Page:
5) HOA/Condo Fees:
If the property is located in any type of association you will want to find out what that monthly cost is.
6) Capital Expenditures:
This generally is like building for a reserve fun. Cap. Ex costs are those associated with big ticket items that you will eventually have to replace that cost a lot of money (roofs, HVAC, electrical, plumbing, etc) You can account for saving a percentage or dollar amount each month to go toward your cap ex. fund.
7) Vacancy Rate:
The reality of owning property is that it will be vacant from time to time. And when it is that costs you money and actually alters your ROI. You can account for this in the beginning when you run an analysis by inputting a percentage or dollar figure for your local area. (Real estate agents can give you an estimated percentage of vacancy rate in your area. I tend to jut put in one month’s cost to run the property assuming we have a 1 month turnover time each year).
8) Monthly Rent:
You’ll want to include the monthly rent that you can charge on your property.
If you plan to use financing you’ll also include:
9) Down payment:
How much will you be putting down on the property. The potential loan product you plan to use may dictate what that down payment amount will be.
10) Interest Rate:
Interest rates are always changing in our country. Your credit and loan product may impact what type of interest rate you can get. Also depending on what type of lending institution you go through may impact the rate too.
11) Mortgage Term:
The loan product will dictate what your terms are. Typically you'll see loan terms in increments of 15, 20, 30 years. Often times with a normal conventional loan you'll be looking at 20% down on a 3o year term.
Inputting these numbers into some sort of calculator or property analyzer (Grab our free
analyzer here) can automatically calculate your ROI and projected monthly cash flow so thatyou have a good estimate of whether the property meets your investing goals.
Calculate monthly cash flow and annual return on investment with our Free property analyzer
Understanding Return on Investment (ROI)
If you're wondering....what does return on investment mean? Don't sweat!
This question was the biggest bone of contention between Kirk and me when we started having conversations about rental property.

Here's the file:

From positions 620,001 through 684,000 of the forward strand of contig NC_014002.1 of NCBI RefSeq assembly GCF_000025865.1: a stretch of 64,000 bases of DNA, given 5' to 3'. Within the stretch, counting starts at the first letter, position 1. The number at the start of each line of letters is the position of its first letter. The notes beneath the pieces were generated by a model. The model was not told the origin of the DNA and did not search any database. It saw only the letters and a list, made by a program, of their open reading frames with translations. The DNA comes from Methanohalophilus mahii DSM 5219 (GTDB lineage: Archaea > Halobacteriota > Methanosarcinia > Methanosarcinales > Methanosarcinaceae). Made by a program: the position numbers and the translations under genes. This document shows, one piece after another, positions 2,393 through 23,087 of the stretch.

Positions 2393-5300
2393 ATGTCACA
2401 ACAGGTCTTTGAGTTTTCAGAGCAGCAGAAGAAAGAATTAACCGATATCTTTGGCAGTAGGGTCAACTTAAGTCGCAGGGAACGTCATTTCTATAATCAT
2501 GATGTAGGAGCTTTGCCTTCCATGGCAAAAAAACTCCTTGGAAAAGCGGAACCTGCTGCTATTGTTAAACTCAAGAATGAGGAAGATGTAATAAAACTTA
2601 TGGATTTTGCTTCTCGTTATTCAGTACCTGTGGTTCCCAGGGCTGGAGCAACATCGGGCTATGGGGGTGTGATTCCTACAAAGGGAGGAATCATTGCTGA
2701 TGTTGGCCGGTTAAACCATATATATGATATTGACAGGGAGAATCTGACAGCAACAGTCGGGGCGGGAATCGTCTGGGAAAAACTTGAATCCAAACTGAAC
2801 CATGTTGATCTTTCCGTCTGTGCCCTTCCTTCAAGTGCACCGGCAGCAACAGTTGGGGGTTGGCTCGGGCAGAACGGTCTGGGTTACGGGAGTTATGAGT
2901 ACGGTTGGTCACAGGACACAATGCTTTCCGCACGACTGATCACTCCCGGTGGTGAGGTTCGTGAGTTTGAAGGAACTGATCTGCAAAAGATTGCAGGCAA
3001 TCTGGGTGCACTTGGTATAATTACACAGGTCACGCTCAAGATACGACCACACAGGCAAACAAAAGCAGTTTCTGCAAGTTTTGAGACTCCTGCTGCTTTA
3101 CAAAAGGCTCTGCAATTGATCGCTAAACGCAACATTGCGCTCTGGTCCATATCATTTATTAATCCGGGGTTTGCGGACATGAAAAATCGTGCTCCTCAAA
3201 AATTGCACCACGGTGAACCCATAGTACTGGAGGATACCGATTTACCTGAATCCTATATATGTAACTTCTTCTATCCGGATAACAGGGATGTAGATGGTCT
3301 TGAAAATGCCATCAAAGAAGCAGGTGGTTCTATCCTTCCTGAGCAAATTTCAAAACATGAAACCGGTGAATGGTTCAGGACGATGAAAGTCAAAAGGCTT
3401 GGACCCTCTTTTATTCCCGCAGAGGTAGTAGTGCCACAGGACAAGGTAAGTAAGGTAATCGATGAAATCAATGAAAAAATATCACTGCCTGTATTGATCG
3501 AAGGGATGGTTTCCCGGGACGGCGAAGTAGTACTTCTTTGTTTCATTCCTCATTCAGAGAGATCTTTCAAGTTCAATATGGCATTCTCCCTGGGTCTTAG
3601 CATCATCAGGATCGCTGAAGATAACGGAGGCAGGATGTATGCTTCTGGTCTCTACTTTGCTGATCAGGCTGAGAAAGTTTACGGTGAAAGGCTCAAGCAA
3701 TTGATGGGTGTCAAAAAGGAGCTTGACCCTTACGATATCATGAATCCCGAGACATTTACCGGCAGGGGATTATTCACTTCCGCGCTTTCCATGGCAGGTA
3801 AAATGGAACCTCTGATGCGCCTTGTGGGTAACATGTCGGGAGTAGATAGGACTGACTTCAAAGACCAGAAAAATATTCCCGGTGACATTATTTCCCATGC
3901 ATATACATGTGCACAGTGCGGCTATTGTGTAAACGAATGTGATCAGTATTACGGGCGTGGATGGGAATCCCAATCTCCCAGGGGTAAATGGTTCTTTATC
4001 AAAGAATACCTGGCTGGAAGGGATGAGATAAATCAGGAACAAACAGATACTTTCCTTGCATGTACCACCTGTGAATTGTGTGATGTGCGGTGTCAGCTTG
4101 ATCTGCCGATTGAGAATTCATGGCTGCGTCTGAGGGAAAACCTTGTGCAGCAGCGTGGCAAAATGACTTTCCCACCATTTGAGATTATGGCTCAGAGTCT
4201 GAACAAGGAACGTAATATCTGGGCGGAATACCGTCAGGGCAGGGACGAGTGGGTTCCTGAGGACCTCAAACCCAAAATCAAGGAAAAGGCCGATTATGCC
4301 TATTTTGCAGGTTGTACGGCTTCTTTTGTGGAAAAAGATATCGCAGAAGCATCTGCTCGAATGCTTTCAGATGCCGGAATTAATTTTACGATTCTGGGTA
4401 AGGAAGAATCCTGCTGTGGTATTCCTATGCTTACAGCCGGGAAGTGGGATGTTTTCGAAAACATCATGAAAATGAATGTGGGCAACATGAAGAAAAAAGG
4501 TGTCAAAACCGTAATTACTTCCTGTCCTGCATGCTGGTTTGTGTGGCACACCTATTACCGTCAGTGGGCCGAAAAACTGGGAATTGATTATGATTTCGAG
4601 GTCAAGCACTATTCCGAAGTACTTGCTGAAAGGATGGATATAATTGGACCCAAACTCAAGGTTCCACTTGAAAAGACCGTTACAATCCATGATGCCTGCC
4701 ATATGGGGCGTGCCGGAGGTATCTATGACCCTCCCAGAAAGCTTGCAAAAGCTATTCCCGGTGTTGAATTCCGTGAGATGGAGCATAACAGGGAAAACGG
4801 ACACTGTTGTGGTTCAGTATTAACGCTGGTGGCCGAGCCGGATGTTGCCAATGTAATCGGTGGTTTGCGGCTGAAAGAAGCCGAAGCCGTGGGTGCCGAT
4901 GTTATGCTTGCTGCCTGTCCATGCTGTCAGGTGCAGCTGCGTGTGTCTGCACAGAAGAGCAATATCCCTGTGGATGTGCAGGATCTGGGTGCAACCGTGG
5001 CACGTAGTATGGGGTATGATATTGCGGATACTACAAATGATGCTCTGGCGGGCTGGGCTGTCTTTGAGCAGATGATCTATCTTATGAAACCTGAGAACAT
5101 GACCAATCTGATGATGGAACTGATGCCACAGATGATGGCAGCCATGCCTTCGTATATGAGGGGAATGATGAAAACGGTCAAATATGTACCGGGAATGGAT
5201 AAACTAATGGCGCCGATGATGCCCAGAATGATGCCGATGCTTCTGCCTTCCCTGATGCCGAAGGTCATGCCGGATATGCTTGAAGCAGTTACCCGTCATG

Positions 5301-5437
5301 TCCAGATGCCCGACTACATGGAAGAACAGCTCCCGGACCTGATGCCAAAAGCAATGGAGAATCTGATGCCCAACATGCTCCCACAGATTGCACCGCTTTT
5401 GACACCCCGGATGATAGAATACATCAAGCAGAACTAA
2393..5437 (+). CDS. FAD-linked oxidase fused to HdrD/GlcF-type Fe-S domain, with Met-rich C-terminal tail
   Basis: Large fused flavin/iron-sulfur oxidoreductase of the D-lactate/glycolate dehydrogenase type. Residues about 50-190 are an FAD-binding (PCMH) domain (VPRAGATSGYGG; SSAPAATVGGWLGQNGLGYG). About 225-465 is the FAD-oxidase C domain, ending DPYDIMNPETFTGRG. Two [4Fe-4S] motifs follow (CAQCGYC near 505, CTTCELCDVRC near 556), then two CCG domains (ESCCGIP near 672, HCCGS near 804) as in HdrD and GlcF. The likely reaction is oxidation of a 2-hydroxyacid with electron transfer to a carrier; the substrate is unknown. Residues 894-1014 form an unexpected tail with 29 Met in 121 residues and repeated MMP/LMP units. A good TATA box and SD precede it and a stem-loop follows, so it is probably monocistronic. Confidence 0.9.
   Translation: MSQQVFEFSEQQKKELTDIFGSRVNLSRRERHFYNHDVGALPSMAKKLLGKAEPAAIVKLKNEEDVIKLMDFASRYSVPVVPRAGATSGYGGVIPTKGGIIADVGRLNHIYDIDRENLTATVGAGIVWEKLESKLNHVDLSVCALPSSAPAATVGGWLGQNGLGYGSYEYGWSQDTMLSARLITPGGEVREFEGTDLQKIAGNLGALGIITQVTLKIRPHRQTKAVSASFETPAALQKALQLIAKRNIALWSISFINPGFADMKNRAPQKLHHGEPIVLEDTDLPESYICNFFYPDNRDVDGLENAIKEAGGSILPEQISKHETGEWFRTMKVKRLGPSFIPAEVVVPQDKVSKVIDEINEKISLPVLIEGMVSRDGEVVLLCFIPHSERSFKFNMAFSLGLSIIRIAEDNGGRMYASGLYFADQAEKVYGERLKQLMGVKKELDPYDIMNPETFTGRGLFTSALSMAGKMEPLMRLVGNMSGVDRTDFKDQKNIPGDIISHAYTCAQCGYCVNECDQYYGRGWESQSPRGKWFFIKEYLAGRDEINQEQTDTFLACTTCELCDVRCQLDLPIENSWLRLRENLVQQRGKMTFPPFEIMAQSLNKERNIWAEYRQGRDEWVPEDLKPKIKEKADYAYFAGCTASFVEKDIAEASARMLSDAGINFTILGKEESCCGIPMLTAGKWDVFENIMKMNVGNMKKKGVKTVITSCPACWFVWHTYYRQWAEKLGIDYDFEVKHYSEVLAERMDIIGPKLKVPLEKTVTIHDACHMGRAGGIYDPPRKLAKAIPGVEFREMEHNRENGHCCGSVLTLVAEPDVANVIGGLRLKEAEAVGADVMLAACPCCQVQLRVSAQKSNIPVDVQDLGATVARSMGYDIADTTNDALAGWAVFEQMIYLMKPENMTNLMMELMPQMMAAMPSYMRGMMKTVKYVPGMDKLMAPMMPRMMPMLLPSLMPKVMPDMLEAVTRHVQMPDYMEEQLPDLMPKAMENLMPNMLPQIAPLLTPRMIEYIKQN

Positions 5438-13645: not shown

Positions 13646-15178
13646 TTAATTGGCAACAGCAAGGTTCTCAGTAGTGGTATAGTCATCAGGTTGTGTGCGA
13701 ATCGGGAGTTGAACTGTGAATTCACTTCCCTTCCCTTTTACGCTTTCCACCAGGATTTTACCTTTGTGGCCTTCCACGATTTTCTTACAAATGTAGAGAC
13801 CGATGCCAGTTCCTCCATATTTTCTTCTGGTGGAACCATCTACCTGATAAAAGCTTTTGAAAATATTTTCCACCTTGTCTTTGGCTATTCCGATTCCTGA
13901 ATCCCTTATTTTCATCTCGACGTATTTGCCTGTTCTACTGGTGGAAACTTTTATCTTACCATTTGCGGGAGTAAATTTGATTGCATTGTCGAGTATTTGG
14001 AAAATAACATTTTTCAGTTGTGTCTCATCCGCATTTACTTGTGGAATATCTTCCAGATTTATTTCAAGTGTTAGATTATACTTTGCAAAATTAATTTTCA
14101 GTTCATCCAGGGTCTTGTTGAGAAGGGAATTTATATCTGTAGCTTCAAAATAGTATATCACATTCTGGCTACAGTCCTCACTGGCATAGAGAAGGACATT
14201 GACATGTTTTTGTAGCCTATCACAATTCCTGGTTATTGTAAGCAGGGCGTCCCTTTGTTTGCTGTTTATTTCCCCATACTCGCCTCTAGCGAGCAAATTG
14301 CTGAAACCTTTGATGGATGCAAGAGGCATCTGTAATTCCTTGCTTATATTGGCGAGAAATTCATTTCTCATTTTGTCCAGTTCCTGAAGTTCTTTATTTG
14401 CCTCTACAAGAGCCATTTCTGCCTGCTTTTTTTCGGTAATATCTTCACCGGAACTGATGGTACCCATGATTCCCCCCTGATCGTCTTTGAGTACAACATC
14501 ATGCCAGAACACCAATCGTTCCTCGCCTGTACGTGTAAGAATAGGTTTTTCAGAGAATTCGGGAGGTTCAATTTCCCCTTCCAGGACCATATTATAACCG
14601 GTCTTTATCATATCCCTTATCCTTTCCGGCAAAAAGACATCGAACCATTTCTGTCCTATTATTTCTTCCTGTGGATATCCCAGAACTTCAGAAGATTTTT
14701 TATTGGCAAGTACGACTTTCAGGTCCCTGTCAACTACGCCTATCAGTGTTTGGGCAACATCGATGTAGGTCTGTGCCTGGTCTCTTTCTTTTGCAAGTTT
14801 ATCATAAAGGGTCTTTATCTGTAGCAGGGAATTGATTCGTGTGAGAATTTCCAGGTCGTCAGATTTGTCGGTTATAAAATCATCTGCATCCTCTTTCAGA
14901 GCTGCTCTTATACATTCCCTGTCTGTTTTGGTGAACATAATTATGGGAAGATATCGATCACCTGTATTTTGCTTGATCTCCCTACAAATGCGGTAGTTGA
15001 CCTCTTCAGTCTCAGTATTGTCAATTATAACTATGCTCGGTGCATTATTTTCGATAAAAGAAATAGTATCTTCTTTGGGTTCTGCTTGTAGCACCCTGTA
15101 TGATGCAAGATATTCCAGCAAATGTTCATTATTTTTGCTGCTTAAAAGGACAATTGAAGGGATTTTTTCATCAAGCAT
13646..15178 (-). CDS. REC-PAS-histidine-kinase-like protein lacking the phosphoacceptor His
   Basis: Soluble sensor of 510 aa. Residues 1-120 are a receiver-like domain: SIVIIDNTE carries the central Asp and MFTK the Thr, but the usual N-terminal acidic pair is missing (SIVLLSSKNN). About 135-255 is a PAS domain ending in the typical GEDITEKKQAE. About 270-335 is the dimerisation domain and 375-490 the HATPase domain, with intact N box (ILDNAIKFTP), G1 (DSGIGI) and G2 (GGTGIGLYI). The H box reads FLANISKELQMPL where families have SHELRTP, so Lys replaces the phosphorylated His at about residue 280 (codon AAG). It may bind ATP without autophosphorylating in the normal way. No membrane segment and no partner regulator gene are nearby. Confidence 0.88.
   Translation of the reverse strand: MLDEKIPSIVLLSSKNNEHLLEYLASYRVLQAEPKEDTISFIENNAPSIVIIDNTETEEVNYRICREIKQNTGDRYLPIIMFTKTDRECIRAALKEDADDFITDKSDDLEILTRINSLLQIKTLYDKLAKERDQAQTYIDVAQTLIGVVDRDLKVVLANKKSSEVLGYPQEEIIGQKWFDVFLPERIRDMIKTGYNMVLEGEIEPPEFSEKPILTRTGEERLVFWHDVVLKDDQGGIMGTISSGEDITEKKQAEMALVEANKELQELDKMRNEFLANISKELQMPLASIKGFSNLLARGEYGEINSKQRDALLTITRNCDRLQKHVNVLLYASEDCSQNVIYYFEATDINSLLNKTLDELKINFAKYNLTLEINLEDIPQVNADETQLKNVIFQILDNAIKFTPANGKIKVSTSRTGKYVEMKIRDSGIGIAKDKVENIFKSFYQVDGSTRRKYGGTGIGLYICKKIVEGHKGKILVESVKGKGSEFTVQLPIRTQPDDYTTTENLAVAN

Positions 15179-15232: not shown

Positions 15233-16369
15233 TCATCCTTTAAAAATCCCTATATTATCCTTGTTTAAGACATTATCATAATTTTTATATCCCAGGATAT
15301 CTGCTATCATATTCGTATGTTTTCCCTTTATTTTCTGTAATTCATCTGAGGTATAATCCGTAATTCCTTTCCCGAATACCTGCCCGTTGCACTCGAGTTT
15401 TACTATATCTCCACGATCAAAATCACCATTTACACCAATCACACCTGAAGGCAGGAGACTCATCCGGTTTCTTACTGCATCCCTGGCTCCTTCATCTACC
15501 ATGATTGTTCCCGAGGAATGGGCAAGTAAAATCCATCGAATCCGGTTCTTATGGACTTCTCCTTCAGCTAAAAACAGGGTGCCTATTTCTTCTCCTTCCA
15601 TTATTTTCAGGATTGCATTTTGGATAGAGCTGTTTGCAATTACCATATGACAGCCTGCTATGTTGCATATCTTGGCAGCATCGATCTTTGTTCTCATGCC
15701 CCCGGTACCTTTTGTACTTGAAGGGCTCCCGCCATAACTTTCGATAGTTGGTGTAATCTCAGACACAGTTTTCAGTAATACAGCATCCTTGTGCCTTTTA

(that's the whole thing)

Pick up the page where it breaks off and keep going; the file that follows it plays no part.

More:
Like I mentioned earlier, I had no idea what this was.
The concept was foreign to me.
But once I got it and saw the power in it, I can say that I became hooked to investing in rental property because of amount of control you have over your investment and the ability to get great returns on a tangible asset.
At its most basic definition (in relation to real estate), return on investment is a percentage that is calculated by looking at the total net income a property makes and dividing that by the total cash invested.
This percentage then gives you an idea of what type investment return you're making on your total investment.
One of the great benefits of rental property investing is that the return you can make on your investment is dependent upon you, your market and your ability to hustle and find a good deal.
When we think about the different avenues we can take to invest the returns that we can potentially make have a limit.
For instance, in the stock market the average return is _____%.
With bonds and mutual funds you might get a _____%.
And the truth is there isn’t much you can do to help that return grow.
But with rental property, you have the chance to invest in assets that make you a return of 12%, 15% or even 20%+.
We have properties that make us over 20%.
So those properties are out there.
The Hard Truth
At the core of investing in rental property, we do it to make money.
Yes, that money that we make allows us to reach those personal freedoms, whether it be leaving your job, spending more time with your kids, traveling the world.
But in order for us to reach those freedoms, we have to buy the right properties at the right price.
And the only way to know that a property is the right price is to do your due diligence in learning the market you plan to invest in.
Know how to run the numbers so that you can get a pretty darn close estimate of what type of return that property should make you.
2 Tips for Running Numbers on Properties
When it comes to running numbers on properties...this is the part you want to get right!
I can't stress enough the idea that when you invest in rental property the numbers should really make the decision for you. It's not an emotional decision.
It's an investment decision.
And you need tools to help you ensure that you are looking at the numbers the right way.
1.) Use a Property Analyzer/Calculator
When you're just getting started you're probably wondering....ok I can find out all of the numbers you mentioned earlier....but what the heck do I do with them?
And it's a valid question. Most of us aren't going to sit down and create an elaborate excel spreadsheet that runs the numbers for you.
There are tons of resources out there can help you run the numbers on properties. There are free analyzers (grab our analyze here) there are free apps that are mortgage calculators that can give you an idea of what a mortgage would look like so that you don't have to figure this out on your own.
The best thing about these analyzers/calcuators is that you simply input all of the information about the property (list price, taxes, insurance, rent, fees, etc) and it will calculate your return on investment and cash flow...
...so that you know right away whether that property meets your return on investment goals.